Although the NBA has focused on establishing viable safety protocols for the 2019-20 season restart, they also acknowledged concerns players had with being able to continue utilizing their platforms to fight racial injustice when play resumes at Walt Disney World.
The league plans to paint the sidelines of the three arenas being used for play to honor the Black Lives Matter protests. They also worked with the Players Association on a list of personalized messages to replace the last name on their jerseys with.
Danny Green is among the Los Angeles Lakers who have been active in addressing social unease after taking part in the peaceful protests in downtown L.A. He also opted to go with the statement “How Many More?” on the back of his jersey once the seeding games begin at the end of the month.
“All those messages mean a lot to me and they all speak out about what’s going on in the world. Basketball and sports in our everyday lives is important, but the bigger picture for us is getting the justices that are deserved for those in our community and around the world,” Green said of his message.
“‘How Many More,’ our fans picked it but it was one of the ones I chose because it speaks out. How many more people of color are going to get killed or die at the hands of police brutality? How many more families are going to get denied housing? How many more Black men and women are going to get denied certain job opportunities? The list goes on.
“‘How Many More’ stands for more than one thing and it keeps the world on notice that we’re not in any way, shape or form distracted on the bigger picture. Obviously we want to play and win, but at the same time we want to try and continue to push for our people.”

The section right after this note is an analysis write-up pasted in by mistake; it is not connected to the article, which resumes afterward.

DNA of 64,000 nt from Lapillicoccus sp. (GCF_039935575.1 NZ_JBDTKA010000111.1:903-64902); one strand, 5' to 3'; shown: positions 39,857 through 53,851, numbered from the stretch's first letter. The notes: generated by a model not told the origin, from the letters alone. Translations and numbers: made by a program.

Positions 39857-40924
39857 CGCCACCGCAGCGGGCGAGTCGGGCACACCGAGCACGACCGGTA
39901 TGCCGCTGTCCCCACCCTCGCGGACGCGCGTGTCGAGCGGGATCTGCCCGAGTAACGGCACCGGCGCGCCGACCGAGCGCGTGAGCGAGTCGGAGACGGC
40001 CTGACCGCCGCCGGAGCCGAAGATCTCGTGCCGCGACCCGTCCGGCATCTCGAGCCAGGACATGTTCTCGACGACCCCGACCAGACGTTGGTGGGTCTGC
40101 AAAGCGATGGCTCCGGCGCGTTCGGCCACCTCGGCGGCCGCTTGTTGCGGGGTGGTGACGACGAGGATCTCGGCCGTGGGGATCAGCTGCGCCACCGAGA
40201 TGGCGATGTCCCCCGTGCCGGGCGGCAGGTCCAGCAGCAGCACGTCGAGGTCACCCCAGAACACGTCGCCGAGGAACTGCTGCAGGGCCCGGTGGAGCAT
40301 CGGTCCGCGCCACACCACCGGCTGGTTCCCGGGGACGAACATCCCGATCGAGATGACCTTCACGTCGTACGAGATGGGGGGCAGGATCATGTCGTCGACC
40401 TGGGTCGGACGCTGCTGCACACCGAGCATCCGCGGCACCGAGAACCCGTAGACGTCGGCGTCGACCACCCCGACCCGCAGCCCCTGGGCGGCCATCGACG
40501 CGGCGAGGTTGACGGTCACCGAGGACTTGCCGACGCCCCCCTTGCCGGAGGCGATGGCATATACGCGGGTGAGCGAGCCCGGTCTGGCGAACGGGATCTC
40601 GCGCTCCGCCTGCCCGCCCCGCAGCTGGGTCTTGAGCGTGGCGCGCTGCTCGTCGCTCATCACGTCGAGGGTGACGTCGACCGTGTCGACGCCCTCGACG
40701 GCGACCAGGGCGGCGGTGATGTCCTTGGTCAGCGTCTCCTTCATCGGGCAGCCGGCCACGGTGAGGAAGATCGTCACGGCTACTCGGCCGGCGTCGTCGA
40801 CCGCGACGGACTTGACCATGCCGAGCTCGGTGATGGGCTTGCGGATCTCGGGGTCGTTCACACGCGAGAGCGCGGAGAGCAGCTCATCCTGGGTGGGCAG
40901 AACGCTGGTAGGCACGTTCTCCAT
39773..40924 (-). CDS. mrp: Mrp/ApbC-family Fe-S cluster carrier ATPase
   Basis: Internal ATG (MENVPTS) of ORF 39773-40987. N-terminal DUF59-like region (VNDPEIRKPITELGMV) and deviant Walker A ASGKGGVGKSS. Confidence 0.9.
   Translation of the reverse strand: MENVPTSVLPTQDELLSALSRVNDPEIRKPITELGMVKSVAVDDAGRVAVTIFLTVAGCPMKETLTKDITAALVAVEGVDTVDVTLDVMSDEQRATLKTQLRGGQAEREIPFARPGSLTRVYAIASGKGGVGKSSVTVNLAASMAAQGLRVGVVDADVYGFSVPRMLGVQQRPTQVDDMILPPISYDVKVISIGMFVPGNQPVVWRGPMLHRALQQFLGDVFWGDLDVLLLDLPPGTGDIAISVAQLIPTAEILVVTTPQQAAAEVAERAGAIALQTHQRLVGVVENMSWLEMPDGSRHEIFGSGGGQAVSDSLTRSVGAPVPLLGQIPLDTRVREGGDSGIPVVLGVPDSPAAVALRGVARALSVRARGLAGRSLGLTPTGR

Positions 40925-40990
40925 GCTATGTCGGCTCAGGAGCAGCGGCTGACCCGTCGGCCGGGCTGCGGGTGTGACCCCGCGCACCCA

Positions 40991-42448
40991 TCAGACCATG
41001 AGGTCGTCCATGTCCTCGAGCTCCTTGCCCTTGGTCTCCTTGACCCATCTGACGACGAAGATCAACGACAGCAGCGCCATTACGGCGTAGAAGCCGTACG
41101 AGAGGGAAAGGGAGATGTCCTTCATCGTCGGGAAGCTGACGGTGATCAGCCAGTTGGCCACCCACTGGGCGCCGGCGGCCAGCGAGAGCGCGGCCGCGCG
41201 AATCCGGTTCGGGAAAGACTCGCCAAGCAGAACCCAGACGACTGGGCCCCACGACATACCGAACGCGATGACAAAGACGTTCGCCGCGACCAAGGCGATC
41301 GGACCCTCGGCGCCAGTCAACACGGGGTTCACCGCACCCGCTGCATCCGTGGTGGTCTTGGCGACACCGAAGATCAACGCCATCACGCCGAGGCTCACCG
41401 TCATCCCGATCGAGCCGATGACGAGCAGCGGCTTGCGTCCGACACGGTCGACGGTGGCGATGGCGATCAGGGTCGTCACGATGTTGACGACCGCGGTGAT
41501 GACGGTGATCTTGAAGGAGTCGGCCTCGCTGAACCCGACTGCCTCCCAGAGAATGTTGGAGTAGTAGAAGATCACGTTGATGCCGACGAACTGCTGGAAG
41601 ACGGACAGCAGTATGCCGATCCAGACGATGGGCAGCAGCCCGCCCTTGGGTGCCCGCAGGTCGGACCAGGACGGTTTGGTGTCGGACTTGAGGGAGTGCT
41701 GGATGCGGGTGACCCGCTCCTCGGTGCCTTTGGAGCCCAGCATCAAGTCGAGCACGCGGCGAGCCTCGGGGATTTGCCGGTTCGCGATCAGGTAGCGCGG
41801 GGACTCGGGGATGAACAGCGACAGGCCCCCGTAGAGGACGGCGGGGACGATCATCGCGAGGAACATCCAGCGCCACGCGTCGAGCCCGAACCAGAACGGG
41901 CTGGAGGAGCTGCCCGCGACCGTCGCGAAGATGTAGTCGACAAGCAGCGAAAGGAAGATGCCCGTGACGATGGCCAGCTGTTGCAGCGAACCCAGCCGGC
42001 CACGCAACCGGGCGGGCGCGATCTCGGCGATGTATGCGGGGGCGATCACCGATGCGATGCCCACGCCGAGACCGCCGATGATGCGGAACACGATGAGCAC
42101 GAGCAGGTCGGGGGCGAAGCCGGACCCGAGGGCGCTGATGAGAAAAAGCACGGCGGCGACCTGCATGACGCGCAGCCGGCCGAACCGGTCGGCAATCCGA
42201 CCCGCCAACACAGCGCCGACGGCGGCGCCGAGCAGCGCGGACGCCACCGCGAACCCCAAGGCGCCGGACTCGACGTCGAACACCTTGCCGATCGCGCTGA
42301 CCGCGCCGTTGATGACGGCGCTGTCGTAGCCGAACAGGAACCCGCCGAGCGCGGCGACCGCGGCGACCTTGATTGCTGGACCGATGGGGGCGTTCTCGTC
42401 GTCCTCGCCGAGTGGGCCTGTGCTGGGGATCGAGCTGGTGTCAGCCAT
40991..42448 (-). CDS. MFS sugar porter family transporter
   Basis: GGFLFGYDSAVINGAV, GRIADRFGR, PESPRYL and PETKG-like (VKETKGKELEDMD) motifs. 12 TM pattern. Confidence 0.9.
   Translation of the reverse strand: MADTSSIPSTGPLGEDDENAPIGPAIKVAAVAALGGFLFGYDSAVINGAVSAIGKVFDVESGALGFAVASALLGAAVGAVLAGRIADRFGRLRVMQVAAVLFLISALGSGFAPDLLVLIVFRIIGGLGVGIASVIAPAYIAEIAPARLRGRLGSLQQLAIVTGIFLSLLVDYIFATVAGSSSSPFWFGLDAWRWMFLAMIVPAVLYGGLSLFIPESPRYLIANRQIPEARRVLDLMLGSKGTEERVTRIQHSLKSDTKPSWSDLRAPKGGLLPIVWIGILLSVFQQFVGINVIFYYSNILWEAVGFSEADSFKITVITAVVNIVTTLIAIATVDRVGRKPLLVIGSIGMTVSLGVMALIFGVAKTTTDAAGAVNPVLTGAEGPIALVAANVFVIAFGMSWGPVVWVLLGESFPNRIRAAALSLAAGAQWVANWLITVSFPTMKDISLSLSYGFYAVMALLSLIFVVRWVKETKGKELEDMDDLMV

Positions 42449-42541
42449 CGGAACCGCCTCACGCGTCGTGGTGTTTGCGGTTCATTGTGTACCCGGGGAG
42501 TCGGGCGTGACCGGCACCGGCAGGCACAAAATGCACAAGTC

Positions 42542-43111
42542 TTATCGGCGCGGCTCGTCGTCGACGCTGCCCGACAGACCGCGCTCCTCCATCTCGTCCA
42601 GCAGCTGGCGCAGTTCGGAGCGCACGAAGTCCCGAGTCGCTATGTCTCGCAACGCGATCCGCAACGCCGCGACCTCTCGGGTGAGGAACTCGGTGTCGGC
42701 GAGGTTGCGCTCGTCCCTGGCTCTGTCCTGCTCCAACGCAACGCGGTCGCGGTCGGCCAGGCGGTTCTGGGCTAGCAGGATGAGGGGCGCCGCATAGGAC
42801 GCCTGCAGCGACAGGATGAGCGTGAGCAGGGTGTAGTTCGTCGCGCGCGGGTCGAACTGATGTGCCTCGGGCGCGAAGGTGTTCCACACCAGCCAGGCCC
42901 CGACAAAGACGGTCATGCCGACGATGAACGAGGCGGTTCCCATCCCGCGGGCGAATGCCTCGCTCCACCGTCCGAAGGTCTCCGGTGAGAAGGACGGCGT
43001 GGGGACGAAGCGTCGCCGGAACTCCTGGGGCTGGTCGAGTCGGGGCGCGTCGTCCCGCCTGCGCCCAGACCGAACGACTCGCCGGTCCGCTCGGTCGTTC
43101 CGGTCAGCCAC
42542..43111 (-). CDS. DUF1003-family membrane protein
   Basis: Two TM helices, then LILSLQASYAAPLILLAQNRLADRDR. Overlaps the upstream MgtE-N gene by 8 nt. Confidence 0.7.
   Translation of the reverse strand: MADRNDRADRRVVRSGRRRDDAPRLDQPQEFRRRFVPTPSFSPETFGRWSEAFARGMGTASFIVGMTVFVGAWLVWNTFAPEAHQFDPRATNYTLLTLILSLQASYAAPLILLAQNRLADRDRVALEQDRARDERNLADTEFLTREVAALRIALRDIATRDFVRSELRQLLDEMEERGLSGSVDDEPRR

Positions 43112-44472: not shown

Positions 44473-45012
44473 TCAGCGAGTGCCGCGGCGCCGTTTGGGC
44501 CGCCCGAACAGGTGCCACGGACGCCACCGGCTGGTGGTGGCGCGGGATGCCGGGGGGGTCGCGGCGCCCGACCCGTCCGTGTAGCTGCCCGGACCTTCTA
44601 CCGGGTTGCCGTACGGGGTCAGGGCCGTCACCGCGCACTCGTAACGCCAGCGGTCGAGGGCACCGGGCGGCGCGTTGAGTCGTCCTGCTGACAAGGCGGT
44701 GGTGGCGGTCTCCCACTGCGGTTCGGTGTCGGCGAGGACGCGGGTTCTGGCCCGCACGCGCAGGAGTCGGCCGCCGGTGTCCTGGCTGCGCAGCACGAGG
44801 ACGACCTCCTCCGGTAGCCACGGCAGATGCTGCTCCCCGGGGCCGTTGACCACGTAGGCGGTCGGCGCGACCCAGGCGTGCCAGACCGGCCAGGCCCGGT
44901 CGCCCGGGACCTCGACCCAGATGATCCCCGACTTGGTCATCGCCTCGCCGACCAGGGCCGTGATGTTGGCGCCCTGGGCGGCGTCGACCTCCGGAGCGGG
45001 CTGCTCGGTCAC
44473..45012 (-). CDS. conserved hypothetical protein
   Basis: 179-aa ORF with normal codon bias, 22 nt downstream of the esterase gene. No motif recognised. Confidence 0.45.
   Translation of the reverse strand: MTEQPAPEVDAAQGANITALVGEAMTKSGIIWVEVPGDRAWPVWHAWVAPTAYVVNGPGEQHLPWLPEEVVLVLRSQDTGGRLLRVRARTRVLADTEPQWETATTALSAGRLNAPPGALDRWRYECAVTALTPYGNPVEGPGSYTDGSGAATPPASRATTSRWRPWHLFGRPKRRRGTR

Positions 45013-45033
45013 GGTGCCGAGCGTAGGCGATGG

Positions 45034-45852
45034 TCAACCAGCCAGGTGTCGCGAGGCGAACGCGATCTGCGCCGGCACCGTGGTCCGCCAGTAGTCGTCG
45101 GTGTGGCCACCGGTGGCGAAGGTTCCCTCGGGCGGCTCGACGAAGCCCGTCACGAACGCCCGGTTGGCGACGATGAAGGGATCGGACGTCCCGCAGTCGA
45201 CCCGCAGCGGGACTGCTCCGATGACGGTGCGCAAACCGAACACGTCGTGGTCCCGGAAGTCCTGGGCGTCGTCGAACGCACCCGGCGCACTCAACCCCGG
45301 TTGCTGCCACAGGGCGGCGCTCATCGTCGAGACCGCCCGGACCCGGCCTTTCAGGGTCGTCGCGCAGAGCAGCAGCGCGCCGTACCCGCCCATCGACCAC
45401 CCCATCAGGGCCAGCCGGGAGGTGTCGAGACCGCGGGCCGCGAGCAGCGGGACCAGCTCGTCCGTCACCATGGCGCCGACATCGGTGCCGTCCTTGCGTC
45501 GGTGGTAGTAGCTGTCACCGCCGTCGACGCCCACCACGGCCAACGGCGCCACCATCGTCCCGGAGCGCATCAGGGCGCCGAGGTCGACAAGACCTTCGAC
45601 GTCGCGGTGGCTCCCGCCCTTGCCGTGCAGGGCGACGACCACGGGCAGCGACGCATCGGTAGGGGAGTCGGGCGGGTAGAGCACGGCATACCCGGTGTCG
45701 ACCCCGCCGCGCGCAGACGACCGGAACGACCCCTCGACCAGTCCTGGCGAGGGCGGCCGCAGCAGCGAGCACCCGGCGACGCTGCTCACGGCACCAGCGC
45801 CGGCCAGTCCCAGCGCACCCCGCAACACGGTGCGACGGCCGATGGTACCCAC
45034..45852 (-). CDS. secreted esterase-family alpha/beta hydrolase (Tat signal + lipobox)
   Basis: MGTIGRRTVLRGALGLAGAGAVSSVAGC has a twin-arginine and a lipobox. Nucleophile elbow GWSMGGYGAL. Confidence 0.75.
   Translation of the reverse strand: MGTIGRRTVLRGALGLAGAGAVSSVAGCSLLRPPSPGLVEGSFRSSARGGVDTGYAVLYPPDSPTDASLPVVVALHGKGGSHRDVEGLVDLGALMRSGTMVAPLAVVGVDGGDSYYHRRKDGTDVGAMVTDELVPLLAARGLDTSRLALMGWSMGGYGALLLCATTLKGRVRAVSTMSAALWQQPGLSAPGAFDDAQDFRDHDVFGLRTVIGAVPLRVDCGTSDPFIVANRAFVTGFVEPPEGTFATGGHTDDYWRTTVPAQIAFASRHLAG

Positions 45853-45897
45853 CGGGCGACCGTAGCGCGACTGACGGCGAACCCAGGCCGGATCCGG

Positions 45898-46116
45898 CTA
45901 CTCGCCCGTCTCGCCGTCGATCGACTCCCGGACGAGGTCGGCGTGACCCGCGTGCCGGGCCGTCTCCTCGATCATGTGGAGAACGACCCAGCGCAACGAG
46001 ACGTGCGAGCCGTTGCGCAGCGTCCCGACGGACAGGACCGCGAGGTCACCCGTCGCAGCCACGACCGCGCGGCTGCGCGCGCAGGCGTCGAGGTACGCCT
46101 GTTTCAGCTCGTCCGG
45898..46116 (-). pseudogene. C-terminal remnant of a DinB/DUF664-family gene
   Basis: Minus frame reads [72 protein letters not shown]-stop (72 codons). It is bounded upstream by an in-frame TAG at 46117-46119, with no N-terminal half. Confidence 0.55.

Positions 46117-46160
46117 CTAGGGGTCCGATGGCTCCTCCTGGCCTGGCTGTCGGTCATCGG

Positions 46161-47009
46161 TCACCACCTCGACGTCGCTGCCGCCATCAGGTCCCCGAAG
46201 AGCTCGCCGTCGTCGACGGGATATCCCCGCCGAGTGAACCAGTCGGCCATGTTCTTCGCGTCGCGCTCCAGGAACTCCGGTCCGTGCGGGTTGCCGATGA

Other social justice messages approved by the NBA include “Freedom,” “Respect Us,” and “I Am A Man,” among others.
LeBron James not wearing a message
A number of Green’s high-profile teammates such as LeBron James and Anthony Davis were hoping to be more involved with the selection process.
Although both decided to leave their names as is, James is still confident in his ability to raise awareness to the real issues at hand during their stay.
“I would’ve loved to have a say so of what would have went on the back of my jersey. I had a couple things in mind but I wasn’t part of that process, which is OK,” he said.
“I’m absolutely OK with that. What I will continue to do off the floor and when I’m talking to you guys and everything that I do has a purpose and meaning. I don’t need to have something on the back of my jersey for people to understand my mission or know what I’m about and here to do.
“But I commend everybody and respect everybody that decided to put something on the back of their jersey. I think that’s great. I also respect anyone that didn’t.”
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